Access to credit, which can be a true lifeline for micro, small, or medium sized businesses, remains one of the key challenges that individuals and small companies face in Malawi.
This was said by World Bank Group’s International Finance Corporation’s Resident Representative for Malawi and Zambia, Madalo Minofu at the launch of the 2019 Credit Awareness Week graced by the Governor of the Reserve Bank of Malawi, Dalitso Kabambe, who is also the Registrar of Financial Institutions.
With support from the World Bank, the initiative is to increase the general public and specific target groups’ awareness and understanding of the merits of accessing and borrowing money from licensed or registered lending institutions including banks, microfinance institutions and savings and credit cooperatives (SACCOs) as opposed to borrowing from informal lending institutions.
Minofu said if a business can access credit, it can grow and create jobs, leading to a stronger, more productive economy and a better quality of life.
“As we are gathered here today to launch the credit awareness week in Malawi, I would like to re-iterate the World Bank Group’s continued commitment to helping Malawi develop a strong and sustainable financial sector, including through credit infrastructure,” Minofu said.
“Credit infrastructure is one of the building blocks that allows financial institutions and other lenders to grow their portfolios — increasing access to credit and, at the same time, maintaining financial stability.
“It protects the interests of financial institutions and lenders, and it also protects the rights of borrowers.”
She observed that over the past years, Malawi has made incredible strides in enhancing its credit infrastructure — including through its well-functioning and modern collateral registry and improving its credit reporting system.
One of the partners to the awareness campaign are credit reference bureaus, that will be sharing with the public their importance in order to access credit facilities from financial service institutions.
Credit reference bureaus provide a potential loan borrower’s credit history that is passed on to financial institutions for them to make informed decisions whether to award the loan or not.
This is one other system that clients can use their credit reputation as collateral apart from using moveable collateral.
Minofu said for credit to truly have a positive effect on the lives of Malawians, credit providers and consumers alike need to better understand their rights and obligations when it comes to lending and borrowing.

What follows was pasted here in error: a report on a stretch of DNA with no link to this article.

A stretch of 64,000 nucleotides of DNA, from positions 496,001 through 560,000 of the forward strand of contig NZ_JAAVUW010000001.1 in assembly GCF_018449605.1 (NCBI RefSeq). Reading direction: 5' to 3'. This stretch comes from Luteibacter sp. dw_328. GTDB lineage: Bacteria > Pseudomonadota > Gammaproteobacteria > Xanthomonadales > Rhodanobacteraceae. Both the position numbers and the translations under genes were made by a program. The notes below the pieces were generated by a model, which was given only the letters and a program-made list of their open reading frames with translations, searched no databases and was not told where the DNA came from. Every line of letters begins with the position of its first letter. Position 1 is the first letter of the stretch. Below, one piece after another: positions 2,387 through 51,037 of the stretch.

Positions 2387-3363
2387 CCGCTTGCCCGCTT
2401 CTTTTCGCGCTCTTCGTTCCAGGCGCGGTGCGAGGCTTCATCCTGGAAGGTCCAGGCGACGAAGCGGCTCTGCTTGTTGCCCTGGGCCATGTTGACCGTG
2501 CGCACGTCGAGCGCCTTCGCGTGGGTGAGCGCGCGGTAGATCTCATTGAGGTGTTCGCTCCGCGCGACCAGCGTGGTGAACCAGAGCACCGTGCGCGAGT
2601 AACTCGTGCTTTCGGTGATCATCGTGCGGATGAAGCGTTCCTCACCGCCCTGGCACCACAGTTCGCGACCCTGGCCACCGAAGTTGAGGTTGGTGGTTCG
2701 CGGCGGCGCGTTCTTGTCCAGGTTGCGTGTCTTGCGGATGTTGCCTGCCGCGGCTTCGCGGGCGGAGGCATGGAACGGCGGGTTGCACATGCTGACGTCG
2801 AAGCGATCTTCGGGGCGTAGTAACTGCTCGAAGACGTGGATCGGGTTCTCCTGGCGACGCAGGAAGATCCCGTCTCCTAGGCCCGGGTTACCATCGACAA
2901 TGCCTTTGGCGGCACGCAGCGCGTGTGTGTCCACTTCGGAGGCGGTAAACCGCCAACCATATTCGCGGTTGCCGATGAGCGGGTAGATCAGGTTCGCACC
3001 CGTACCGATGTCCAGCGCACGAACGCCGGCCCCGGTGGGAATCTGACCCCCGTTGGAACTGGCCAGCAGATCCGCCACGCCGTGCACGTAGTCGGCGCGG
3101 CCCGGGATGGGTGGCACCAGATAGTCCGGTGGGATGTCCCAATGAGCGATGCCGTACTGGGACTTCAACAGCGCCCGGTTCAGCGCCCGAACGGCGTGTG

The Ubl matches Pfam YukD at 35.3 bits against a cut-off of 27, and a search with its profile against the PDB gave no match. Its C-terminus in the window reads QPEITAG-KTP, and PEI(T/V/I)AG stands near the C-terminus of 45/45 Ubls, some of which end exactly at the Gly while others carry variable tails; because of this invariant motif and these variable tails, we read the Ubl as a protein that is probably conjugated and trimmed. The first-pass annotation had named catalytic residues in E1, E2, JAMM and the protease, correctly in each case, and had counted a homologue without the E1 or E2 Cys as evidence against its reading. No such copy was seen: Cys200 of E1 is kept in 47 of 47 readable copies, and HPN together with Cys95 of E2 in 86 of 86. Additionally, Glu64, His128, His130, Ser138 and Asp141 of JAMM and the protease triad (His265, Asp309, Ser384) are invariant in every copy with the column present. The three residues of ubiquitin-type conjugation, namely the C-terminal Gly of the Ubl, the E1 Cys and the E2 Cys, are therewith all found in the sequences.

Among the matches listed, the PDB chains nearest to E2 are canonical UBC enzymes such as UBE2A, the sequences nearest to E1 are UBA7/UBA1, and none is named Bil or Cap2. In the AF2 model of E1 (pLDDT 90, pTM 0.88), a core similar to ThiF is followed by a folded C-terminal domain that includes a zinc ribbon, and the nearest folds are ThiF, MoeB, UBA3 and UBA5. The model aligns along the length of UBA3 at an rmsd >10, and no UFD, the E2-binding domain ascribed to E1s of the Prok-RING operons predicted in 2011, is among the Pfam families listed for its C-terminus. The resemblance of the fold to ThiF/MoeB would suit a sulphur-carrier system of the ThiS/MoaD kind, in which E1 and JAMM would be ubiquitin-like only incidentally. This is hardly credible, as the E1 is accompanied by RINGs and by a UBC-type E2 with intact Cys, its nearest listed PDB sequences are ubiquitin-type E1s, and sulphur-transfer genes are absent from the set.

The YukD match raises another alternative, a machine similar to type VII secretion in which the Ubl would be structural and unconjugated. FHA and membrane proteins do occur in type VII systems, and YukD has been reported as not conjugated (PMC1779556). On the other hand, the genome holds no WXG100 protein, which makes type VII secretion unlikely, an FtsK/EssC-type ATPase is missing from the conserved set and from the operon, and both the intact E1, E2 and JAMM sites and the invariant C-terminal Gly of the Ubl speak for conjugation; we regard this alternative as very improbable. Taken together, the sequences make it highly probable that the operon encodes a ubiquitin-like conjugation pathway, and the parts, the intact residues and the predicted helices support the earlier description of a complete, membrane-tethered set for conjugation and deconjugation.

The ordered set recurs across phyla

“For this reason, initiatives like this credit awareness week are critical; by spreading financial education and awareness to communities, workplaces, and places of worship, you are helping all Malawians take control of their financial future.
“Malawians should feel empowered to use their credit history as a tool to access credit with better terms and conditions; understand how credit works and borrow responsibly; and feel confident that their rights as consumers are also protected in the process.
“It is also our hope as International Finance Corporation that all Malawians — whether a small business owner, an entrepreneur, a salaried employee, or even a student — will become financially healthy and check their free credit report once a year.”
She congratulated the Reserve Bank of Malawi for organizing the credit awareness week and for Kabambe’s steadfast partnership with IFC and dedication to improving access to finance in Malawi.
One of IFC’s financial partner, the Kingdom of Denmark, is supporting the credit infrastructure work in Malawi.
There was also a panel discussion at the launch that involved Kabambe himself, Consumer Association of Malawi executive director, John Kapito; Bankers Association of Malawi president, Kwanele Ngwenya (who is also chief executive officer for NBS Bank); Malawi Union of Savings & Credit Cooperatives (MUSCCO) CEO Fumbani Nyangulu and Rogers Lungu, representing credit reference bureaus.
They all touched on the importance of understating credit terms and conditions such interest rate, repayment period, short term or long term loan, consequences of default before signing a credit agreement between a lending institution and a borrower.
They also talked on consumer rights and obligations when accessing credit and the benefits of accessing and using credit history reports from credit reference bureaus for informed financial decision making.
Kapito asked the RBM Governor if the commercial banks and other lending institutions must always civic educate clients before they sign loan forms on some of the conditions that are always attached but presented in fine print, which are not always known by the client.
“Some people have fallen into credit traps because they did not know of some of the loan conditions which were written in fine print,” Kapito said.
“After a client has been paying for a while, and thinking that they have completed the loan, they discover to their horror that what they have been repaying was the interest and that they need to start repaying the premium.
“The banks need to sensitise the clients on all conditions attached because in most cases people needing a loan are always desperate for the money and don’t have the patience to go through the fine print,” he said.
Kapito said the awareness campaign should also sensitize people that they should not borrow when there is a need only but when they identify an opportunity for that loan to make more money.
Kabambe, who said it is unfortunate that out of the Malawi’s total population, only 3 percent are accessing credit facilities because of financial illiteracy, which the awareness campaign aims at addressing.
He said others opt to borrow from loan sharks (katapila), which does not protect the interest of the borrower and in most cases they fall into credit traps that end into seeing their property confiscated.Follow and Subscribe Nyasa TV :